I'm looking for more meanings to A Little Girl Lost by William Blake. I think it is about a maiden girl that met a boy at night with out her Fathers permission and was caught. What do you think?
Can you or someone post it for us?
Click on Classical Poet List, then on William Blake, and you'll find it there.
Children of the future age,
Reading this indignant page,
Know that in a former time
Love, sweet love, was thought a crime.
In the age of gold,
Free from winter's cold,
Youth and maiden bright,
To the holy light,
Naked in the sunny beams delights.
Once a youthful pair,
Filled with softest care,
Met in garden bright
Where the holy light
Had just removed the curtains of the night.
Then, in rising day
On the grass they play;
Parents were afar, Strangers came not near,
And the maiden soon forgot her fear.
Tired with kisses sweet,
They agree to meet
When the silent sleep
Waves o'er heaven's deep,
And teh weary tired wanderers weep.
To her father white
Came the maiden bright;
But his loving look, Like the holy book
All her tender limbs with terror shook.
"Ona, pale and week,
To thy father speak!
Oh the trembling fear!
Oh the dismal care
That shakes the blossoms of my hoary hair!"
Echoes of the garden of Eden?
I don't suppose you would be receptive to the suggestion that hoary hair was a pun on whorey heir, wudja?
I walked abroad in a snowy day
I askd the soft snow with me to play
She playd & she melted in all her prime
And the winter calld it a dreadful crime
Where Blake seems to be equating loss of virginity with a criminal act.
Kind of reminds me of the old song "Chilren behave/that's what they say when we're together/watch how you play.......running just as fast as we can/holding on to one another's hand.
You get it.
My take on this is different. Here's what it says to me.
Blake starts by saying:
" . . . in a former time
Love, sweet love, was thought a crime"
and then he gives an illustration of what that meant. He tells about two healthy kids who love each other, who are "naked" as seen by "the holy light" (as Adam and Eve were before the fall). And they plan to meet at night -- that is, to have sex. And that would have been fine.
But she -- at this point still a "maiden" -- catches the eye of her father and he sees in her some sign of her excitement, and makes it out to be something horrible.
Blake is talking about the parental attitudes of his own time, so when he says "in a former time" he's pretending to be speaking to generations far in the future, saying "We used to be THAT hung up about sex and especially virginity."
To put it another way, he's saying to people of his own time: "In the future, people will look back on our stifling social codes and think what idiots we were to create so much suffering where there could have been joy."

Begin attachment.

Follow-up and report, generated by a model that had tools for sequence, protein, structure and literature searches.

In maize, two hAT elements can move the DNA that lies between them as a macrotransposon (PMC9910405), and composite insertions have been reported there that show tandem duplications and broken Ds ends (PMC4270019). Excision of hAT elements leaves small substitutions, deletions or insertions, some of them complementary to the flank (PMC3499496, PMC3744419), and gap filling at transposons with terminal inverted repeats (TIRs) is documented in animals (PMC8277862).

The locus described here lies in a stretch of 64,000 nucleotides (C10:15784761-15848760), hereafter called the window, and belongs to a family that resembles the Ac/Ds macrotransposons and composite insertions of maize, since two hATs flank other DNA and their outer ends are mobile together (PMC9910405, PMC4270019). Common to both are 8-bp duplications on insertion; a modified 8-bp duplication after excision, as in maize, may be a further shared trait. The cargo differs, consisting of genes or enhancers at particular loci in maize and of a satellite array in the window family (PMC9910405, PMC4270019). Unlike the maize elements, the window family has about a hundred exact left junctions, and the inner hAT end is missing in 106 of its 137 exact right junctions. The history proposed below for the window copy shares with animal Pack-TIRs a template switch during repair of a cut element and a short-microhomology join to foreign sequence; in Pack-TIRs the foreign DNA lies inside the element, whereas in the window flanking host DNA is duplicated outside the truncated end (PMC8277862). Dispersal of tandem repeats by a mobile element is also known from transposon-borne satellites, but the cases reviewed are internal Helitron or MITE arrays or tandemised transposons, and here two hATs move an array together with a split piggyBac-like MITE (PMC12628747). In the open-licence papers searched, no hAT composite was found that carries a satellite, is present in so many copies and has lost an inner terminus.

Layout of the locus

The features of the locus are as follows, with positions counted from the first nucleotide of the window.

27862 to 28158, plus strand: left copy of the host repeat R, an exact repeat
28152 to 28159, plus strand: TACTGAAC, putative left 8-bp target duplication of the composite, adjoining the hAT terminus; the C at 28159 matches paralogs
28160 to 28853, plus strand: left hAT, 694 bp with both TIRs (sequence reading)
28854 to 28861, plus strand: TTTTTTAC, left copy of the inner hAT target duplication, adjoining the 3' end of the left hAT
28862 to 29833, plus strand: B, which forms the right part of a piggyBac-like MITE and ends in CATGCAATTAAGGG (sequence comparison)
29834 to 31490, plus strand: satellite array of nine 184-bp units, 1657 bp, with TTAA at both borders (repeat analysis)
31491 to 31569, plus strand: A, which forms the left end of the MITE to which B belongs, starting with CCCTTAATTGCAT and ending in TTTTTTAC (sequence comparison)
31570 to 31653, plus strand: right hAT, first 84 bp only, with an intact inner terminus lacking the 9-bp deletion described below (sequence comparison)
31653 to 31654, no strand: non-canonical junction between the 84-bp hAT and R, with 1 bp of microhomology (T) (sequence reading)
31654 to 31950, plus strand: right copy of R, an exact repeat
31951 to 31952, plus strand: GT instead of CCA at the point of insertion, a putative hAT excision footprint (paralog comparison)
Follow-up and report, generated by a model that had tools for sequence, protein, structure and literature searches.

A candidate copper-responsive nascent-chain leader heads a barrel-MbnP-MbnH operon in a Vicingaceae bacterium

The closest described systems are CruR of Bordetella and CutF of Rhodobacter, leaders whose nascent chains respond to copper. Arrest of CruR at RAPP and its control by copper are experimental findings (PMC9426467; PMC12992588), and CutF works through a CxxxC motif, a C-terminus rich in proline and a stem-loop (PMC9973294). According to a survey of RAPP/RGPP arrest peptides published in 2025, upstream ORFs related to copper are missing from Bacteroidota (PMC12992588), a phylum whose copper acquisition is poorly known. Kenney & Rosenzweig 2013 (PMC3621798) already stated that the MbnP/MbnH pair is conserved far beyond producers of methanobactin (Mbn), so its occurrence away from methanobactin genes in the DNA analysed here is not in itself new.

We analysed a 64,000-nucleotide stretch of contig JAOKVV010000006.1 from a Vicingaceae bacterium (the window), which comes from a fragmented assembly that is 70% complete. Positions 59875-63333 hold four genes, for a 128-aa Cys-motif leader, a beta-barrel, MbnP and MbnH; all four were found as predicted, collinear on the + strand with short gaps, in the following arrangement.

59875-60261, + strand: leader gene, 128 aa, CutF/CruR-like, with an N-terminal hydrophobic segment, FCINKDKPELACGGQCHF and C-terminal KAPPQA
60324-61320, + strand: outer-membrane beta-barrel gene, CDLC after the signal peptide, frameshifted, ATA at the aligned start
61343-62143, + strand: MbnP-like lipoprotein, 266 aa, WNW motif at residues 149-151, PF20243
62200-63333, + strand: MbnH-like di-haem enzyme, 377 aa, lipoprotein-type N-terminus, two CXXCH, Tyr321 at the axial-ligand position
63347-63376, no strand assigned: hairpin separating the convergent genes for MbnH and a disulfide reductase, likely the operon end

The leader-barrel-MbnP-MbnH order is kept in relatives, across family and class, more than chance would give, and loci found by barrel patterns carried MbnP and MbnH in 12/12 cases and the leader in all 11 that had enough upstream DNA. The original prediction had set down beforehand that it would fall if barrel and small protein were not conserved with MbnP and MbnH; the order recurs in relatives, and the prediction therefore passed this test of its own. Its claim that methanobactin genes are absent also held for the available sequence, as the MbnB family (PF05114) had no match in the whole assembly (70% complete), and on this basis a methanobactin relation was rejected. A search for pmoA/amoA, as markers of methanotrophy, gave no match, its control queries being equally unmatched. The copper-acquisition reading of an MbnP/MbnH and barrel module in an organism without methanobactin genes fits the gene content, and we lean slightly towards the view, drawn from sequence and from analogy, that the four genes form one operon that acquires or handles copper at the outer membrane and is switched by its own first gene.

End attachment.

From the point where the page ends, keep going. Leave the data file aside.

THIS DOES NOT MEAN THAT BLAKE WAS FOR "FREE LOVE" ! He had his own extremely strict moral code, and a lot of that was about purity and strength and renunciation and such.
But his was not a code of behavior based on "the holy book" or social norms. He might have said something like this: What you embark upon freely, what you swear with a whole heart, what you dedicate yourself to with idealism -- those are your good deeds. What you secretly, feeling guilty about it, or hypocritically -- those are your sins.
For comparison, see "The Sick Rose"; she is sick because she is ashamed of her acts and keeps them secret. The girl in this poem is "lost" only when her father yanks her out of her natural blossoming and introduces fear into the picture.
SOMEONE WHO KNOWS MORE ABOUT BLAKE -- PLEASE POST IF I AM TOTALLY OFF TARGET HERE.
Well, yeah, either that or the hoary heir, sure.
It is also tempting to try and meld the various little girls lost and little boys lost (and all found) from both SOI & SOE in search of a common theme, but I ever could find one.
It must have been particularly vexing for Blake, knowing everyone else was wrong, and not a thing he could do about it. Except write cryptic poetic exposès on it while safely covering his own heretic buns with the obscurities. Cowardly wise about that.
I seem to remember he did get locked up for something, but I can't remember if it was heresy or treason or some other charge. Some kind of tussle with a soldier, mebbe.
He was tried for sedition (in 1803?) after a dispute with a soldier, but aquitted.
Yeah, sedition, that's the right word. Don't hear it used any more, happily.
"From 1800 to 1803, Blake and his wife lived at the seaside village of Felpham before moving back to London. Upon his return to London, Blake was met with accusations that he had uttered seditious sentiments while expelling a soldier from his garden at Felpham. He was tried for sedition and acquitted in 1804."
News to me! Inspiration for "Songs of Innocence and Acquittal" ?
Seems to me 'they' sent a soldier over to his house to clean some junk out of the yard. Blake supposedly ordered the lackey off his property, saying something to the effect that all soldiers were nothing but slaves to The King, and he would not have them around.
There must be more to the story, I suspect. I mean, if one is King, and wants someone's yard cleaned up, why not merely command it be done by the owner? That's a perk of being the king!
Having poets next door is always bad for property values.
Well, yes, especially grumpy ones that wander around the yard spouting double dactyls.